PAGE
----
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Binge Eating Disorder

Binge Eating Disorder (BED) is unfortunately commonly misconceptualized in our society. People often think of people who binge as ‘lazy overeaters’ who do not actually have a problem. This comes with the assumption that people with BED possibly ‘eat for the joy of eating’. This is not the case and is a significant underestimate of the issues someone with BED is dealing with. The typical patient with BED may or may not look different than typical patients struggling with eating disorders like anorexia or bulimia. Patients with Binge Eating Disorder may actually have a thin appearance, where their physical representation would not automatically indicate they are struggling with BED. Here are some important facts to consider when understanding Binge Eating Disorder, or BED. It is important not to stereotype and to consider that it is not always obvious who may be suffering from this disorder.

– Just because someone is overweight does not mean he or she binges or overeats.

– Likewise, just because someone is underweight or of normal weight does not mean they don’t binge or overeat. In other words, you do not have to be overweight to be diagnosed with Binge Eating Disorder.

– As with other eating disorders, people who binge or compulsively overeat, tend to eat very restricted diets during the day, leaving them vulnerable to binging at night.

– Most binge and compulsive eaters feel shame and anxiety when eating in front of others. Similar to anorexics, they feel that everyone is watching and evaluating their food intake.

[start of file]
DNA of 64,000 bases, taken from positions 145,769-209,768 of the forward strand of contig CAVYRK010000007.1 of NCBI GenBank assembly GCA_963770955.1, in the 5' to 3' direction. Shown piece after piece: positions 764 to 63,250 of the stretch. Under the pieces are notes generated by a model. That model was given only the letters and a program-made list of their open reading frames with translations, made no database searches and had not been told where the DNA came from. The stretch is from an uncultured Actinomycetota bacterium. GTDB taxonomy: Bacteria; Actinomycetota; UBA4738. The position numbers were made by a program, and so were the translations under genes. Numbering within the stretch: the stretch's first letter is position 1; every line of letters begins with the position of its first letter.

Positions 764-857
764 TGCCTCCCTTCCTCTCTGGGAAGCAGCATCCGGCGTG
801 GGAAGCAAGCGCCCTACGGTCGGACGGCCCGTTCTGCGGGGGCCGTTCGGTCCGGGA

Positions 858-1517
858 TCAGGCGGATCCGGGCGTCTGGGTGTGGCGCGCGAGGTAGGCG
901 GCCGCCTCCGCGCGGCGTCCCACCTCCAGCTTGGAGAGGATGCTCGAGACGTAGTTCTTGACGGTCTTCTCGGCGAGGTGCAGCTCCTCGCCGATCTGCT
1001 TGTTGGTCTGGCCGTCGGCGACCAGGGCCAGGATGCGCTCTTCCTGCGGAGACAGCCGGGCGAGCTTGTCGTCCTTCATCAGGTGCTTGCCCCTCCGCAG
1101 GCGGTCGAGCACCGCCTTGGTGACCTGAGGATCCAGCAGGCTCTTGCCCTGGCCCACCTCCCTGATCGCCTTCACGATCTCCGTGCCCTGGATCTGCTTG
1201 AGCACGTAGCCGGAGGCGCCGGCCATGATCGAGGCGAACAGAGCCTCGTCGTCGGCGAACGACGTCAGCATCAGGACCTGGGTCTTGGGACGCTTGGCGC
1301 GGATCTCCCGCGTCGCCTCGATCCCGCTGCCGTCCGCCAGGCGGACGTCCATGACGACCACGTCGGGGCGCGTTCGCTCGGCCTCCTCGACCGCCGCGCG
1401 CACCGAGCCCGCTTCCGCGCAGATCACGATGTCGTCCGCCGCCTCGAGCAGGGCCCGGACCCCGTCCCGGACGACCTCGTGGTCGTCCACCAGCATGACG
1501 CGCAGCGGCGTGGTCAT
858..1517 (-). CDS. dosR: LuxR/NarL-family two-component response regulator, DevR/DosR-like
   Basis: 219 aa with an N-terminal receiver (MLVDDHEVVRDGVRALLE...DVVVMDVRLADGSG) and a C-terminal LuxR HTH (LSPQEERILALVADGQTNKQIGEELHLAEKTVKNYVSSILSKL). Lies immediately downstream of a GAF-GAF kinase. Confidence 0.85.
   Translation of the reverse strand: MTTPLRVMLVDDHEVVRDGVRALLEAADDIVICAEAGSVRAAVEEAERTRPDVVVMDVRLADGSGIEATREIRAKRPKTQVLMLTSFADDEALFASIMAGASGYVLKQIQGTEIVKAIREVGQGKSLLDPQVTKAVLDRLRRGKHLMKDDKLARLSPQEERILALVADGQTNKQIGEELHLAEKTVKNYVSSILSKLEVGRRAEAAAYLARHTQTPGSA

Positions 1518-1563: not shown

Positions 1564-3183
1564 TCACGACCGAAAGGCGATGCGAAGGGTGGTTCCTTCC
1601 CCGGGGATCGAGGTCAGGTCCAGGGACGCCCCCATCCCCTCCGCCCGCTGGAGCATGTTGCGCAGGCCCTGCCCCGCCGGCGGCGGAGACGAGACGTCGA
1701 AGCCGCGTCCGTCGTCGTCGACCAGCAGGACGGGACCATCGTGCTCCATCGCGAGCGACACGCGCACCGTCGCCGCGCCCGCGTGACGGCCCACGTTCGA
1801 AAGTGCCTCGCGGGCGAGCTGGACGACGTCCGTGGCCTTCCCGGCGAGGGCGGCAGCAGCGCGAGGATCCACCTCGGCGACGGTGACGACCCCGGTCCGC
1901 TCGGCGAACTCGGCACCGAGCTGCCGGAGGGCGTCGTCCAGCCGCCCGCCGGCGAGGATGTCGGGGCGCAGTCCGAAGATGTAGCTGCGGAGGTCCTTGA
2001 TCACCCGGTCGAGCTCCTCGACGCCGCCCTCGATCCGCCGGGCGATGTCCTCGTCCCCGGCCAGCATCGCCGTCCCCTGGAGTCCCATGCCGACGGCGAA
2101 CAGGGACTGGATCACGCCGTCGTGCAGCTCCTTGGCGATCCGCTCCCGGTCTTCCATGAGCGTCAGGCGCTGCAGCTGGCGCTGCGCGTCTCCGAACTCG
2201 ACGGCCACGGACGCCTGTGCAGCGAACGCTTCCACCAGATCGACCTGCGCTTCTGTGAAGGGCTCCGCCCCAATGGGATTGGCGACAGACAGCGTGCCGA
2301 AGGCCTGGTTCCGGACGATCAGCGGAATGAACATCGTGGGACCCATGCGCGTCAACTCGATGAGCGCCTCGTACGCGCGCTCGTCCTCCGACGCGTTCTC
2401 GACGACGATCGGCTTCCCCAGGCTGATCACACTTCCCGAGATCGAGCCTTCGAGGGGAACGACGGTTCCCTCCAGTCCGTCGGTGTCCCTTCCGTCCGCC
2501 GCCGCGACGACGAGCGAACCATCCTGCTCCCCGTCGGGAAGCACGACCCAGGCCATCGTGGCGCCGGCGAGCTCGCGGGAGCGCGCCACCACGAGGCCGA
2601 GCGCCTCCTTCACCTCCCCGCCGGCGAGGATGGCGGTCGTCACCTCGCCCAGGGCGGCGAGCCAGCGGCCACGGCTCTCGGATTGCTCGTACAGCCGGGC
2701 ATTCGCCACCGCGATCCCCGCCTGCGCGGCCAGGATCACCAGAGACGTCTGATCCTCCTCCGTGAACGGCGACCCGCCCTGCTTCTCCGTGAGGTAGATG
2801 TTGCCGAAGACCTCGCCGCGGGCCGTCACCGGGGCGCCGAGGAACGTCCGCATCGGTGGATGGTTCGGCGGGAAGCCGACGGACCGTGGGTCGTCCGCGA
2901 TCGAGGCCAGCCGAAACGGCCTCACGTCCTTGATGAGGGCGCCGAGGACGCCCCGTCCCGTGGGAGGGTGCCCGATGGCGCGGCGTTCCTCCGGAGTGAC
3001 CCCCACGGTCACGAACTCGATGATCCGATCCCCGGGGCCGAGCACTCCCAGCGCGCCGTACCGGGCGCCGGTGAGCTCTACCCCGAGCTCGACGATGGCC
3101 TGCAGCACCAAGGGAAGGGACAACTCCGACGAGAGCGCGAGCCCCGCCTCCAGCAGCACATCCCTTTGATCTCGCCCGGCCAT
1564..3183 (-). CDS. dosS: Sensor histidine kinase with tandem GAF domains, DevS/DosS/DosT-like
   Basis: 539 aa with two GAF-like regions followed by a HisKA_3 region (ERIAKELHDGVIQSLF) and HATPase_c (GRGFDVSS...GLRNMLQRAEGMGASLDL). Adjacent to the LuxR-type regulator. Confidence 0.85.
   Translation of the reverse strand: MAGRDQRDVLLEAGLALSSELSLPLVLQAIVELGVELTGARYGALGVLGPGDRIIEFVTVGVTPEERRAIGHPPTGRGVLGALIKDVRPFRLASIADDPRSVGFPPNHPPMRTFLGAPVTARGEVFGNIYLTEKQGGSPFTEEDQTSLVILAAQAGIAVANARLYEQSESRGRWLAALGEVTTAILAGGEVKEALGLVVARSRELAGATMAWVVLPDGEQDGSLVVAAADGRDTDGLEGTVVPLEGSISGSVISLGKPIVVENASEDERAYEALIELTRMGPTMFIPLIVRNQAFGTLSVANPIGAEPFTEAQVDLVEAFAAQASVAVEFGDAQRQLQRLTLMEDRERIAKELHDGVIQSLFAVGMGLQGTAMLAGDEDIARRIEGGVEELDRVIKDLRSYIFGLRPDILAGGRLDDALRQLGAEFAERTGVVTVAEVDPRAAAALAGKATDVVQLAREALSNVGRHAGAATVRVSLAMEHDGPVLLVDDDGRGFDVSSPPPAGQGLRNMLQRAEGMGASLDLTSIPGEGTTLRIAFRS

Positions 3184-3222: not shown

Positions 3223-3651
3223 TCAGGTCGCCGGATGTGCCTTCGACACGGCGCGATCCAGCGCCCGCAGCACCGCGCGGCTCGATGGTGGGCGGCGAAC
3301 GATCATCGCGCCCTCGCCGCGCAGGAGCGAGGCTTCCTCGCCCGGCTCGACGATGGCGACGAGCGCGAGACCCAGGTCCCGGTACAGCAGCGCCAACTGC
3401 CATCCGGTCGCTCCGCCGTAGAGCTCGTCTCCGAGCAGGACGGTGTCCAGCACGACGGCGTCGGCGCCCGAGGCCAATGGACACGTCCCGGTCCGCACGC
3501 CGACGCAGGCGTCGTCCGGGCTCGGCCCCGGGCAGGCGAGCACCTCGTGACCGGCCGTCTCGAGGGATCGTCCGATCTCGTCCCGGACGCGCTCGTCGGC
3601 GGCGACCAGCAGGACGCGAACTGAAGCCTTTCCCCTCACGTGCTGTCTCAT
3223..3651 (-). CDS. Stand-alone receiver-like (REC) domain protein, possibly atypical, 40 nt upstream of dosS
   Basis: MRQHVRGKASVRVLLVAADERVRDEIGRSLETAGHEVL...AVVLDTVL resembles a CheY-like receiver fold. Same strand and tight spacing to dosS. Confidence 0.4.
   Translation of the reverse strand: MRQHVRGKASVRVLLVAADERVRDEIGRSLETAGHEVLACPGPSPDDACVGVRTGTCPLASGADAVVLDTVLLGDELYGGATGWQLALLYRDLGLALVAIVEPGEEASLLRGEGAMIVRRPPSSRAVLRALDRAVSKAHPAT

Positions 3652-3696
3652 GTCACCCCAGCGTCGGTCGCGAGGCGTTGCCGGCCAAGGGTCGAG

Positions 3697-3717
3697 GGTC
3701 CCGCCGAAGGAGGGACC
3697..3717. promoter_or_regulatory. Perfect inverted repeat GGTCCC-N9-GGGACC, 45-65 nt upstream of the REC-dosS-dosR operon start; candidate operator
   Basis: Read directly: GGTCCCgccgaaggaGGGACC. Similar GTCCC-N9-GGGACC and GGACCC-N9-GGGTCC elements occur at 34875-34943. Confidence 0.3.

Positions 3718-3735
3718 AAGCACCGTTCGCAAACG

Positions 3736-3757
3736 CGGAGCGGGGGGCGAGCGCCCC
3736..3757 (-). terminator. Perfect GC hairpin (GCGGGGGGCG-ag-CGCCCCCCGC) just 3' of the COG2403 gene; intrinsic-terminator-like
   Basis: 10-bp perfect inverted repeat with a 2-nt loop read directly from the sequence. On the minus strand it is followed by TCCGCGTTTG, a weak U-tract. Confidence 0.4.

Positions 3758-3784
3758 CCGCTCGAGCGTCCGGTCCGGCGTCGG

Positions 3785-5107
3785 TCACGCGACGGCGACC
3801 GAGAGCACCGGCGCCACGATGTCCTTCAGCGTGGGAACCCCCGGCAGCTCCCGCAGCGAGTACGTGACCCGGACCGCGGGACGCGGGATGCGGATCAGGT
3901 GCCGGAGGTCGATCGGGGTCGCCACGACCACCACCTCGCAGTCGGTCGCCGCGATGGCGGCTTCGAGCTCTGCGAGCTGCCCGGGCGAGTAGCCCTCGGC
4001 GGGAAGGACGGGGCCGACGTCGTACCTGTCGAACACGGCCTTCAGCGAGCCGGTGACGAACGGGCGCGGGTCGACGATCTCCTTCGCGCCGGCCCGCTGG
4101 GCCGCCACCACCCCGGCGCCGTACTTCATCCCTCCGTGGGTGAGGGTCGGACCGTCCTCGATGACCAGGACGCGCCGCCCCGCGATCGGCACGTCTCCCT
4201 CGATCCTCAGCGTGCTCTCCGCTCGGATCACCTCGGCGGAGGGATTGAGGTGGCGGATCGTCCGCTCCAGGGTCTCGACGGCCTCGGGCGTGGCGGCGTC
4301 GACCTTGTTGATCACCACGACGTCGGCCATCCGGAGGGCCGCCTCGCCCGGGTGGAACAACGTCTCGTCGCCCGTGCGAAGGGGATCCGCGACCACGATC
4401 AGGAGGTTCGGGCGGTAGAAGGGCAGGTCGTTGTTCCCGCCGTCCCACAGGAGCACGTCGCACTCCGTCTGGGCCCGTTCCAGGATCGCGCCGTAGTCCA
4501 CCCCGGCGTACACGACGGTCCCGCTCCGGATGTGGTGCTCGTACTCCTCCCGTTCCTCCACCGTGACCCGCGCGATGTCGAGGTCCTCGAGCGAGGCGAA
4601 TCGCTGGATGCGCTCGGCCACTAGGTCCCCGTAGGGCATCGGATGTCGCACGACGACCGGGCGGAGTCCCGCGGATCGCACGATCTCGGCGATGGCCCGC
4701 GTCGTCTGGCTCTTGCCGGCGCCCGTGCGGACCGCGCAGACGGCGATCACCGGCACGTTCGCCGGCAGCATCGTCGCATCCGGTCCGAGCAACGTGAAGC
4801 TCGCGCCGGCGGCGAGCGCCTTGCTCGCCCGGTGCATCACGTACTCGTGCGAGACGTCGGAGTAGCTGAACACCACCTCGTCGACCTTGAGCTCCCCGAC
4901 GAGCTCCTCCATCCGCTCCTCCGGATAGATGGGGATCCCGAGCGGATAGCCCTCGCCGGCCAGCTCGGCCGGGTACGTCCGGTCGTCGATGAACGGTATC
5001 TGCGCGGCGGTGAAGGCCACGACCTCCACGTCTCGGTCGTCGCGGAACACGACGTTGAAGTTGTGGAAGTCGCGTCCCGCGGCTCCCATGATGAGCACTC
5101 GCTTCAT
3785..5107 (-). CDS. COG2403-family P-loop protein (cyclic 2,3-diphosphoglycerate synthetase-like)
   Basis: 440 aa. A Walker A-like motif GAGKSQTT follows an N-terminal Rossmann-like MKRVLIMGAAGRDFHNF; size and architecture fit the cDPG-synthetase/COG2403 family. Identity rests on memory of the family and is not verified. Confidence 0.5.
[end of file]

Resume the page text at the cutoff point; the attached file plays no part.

– As with anorexia and bulimia, overcoming Binge Eating Disorder is not about learning more discipline or self-control. This is the most common misconception when treating this disorder. Instead, healing is about understanding how the person has come to use food (or lack of food) as a mechanism of emotional survival.

– Binge eaters are no more or less “out of control” than anorexics, bulimics or those struggling with other addictions. Individuals with BED are often associated with ‘extremist’ ideologies or with unattractive or ‘gross’ qualities.

– Binge and compulsive eaters- overweight or not- are not lazy. In fact, like with anorexia, binge and compulsive eaters tend to be perfectionists and work non-stop. This is normally the trigger, which makes them more susceptible to binging and overeating. The management of binge eating (or any eating disorder) can be extremely hard work.

– Binge and compulsive eaters tend feel a great deal of shame about their behaviors and their bodies. Many state that they feel damaged and inferior. If you have judged or inflicted criticism upon someone like this, they have already thought the same, or worse.

– As with any eating disorder, criticism, lectures and “pep talks” focusing on what binge eaters should and should not do, do not motivate permanent change. Binge eaters know what they should and should not do. Long lasting results come from compassion and deeper insight into the function of the disorder. Commenting on their food and exercise choices does NOT help.

– Eating-disordered behaviors including binging or overeating cause the brain to release dopamine (the pleasure neurotransmitter) and opioids (the active ingredient in heroin, cocaine and other narcotics). This chemical release makes disordered eating literally addictive

Fore more information on Binge Eating Disorder (BED), or other eating disorders, https://www.etobicokepsychotherapy.com/eating-disorder-counselling-etobicoke/.

Alternatively, please email Carly at carlyclifton@gmail.com, or call to speak to her 647-961-9669.